The festival of colours, Holi, is the most vibrant of all Hindu festivals. It marks the end of winter in India and welcomes the spring season. On this festive day, people play with colours, meet and greet one another and create new beginnings. But do you know the real reason why Holi is celebrated? Here’s all you need to know about this colourful festival and what you can look forward to during the upcoming Holi in India.
The story of Holika Dahan
Legend has it that once, there was a powerful king named Hiranyakashipu. He was a devil and was hated for his cruelty. He considered himself to be God and wanted everybody in his kingdom to worship him like one. However, his own son, Prahlada, was a devotee of Lord Vishnu and refused to worship his father. Angry with the disobedience of his son, Hiranyakashipu tried killing his son a number of times, but nothing worked. He then asked his evil sister, Holika, for help. Holika possessed a special power of being immune to fire. So, to kill Prahlada, she tricked him into sitting with her on a pyre. But due to her evil intentions, her power became ineffective and she was burned to ashes. On the other hand, Prahlada gained this immunity and was saved. This is why the first day of Holi is celebrated as Holika Dahan and symbolizes the victory of good over evil.
The story of Radha and Krishna
In the region of Braj (where Lord Krishna grew up) in Uttar Pradesh, Holi is celebrated until the day of Rangpanchmi as a huge festival, in memory of the devotional love of Krishna and Radha. A local legend is associated with this as well. When Krishna was a baby, he acquired a distinctive blue skin colour after drinking the poisoned breast milk of the she-demon, Putana. Later, when he became young, he would often feel sad about whether the fair-coloured Radha or other girls in the village would ever like him because of his dark colour. Giving in to his desperation, Krishna’s mother asked him to go and colour Radha’s face with any colour he wanted to. So when Krishna applied colour to Radha, they both became a couple, and since then, people have started playing with colours on Holi.
Celebrating the colourful festival of Holi involves a number of rituals:
Preparing the Holika pyre
A few days prior to the festival, people start collecting wood and other inflammable things for the bonfire. The combustible materials are then gathered in a pyre in colonies, community centres, parks or other open spaces. On top of the pyre, an effigy of Holika is placed to be burned as per the legend.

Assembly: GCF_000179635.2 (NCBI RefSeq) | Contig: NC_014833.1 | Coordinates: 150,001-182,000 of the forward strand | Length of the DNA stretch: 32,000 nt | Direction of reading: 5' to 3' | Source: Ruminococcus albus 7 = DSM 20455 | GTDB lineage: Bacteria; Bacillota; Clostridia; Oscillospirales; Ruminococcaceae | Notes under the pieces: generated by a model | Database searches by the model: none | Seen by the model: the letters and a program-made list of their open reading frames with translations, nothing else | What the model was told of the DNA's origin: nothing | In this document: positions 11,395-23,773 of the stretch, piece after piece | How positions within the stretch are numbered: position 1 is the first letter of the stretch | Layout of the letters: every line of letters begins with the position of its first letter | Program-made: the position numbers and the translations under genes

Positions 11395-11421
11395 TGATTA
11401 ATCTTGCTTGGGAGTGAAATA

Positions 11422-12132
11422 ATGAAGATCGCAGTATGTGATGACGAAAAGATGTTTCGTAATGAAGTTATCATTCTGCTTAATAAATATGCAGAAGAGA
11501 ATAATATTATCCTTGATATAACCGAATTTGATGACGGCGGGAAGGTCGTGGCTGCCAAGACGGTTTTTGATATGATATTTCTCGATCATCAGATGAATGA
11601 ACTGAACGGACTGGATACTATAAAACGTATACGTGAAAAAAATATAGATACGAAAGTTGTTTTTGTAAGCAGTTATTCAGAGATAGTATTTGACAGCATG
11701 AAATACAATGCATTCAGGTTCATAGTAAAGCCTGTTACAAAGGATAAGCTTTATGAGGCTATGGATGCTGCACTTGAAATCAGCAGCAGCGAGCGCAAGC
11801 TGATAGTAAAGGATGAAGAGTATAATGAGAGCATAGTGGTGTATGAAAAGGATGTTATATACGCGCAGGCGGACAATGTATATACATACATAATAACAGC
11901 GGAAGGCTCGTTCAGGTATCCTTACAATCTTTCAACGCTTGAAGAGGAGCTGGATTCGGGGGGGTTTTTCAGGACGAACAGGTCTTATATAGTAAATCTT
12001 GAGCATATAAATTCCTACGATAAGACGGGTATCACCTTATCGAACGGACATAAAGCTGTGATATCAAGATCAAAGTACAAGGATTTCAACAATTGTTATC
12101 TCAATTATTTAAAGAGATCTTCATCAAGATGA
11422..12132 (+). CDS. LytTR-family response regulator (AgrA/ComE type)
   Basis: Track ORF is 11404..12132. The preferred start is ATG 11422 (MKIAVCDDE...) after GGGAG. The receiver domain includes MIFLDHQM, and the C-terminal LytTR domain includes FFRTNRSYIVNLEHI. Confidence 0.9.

The first day of the festival is celebrated as Holika Dahan or Chhoti Holi. After sunset, people gather around the pyre, perform puja (prayers) and then light it. People even sing and dance around the pyre, as it symbolizes the triumph of good over bad.
Playing with colours
The second day of Holi is called Rangwali Holi, Dhulandi, Dhulandi, Phagwah or Badi Holi. This is the day when people apply colours to one another, party and enjoy. Children and youngsters play in groups with dry colours called abir or gulal, pichkaris (water guns), water balloons filled with coloured solutions and other creative things. You might even find groups of people with drums and other musical instruments on streets, dancing and singing their way from one place to another.
The special feast
Gujiya is a special sweet, which is made in every household in India during Holi. It is a dumpling filled with khoya (a dairy product) and dried fruits. The customary drink of Holi is thandai, which generally contains bhang (marijuana). Other mouth-watering delicacies enjoyed are gol gappe, papri chaat, dal kachori, kanji vada, dahi bhalle, chole bhature, and variety of namkeen.
After playing with colours during the day, people clean themselves up, bathe, sober up and get dressed. They then go visit their relatives and friends and greet them for the festival.
Holi celebrations are carried out in different manners in different parts of the country. While West Bengal celebrates Holi as Dol Jatra with singing and dancing, the people of South India worship the God of love, Kamadeva, on Holi. In Uttarakhand, it is celebrated as Kumaoni Holi with singing classical ragas, whereas, in Bihar, people traditionally clean their houses and then celebrate the festival.
To best experience the festival of Holi in India, you must go to Uttar Pradesh, and more specifically, to those areas that are closely associated with Lord Krishna like Braj, Mathura, Vrindavan, Barsana and Nandgaon. All of these places become quite touristic during the celebrations. The town of Barsana celebrates Lath Mar Holi, where women playfully beat men with sticks while men run around with shields to protect themselves. This becomes even more fun and interesting when people together indulge in singing and dancing.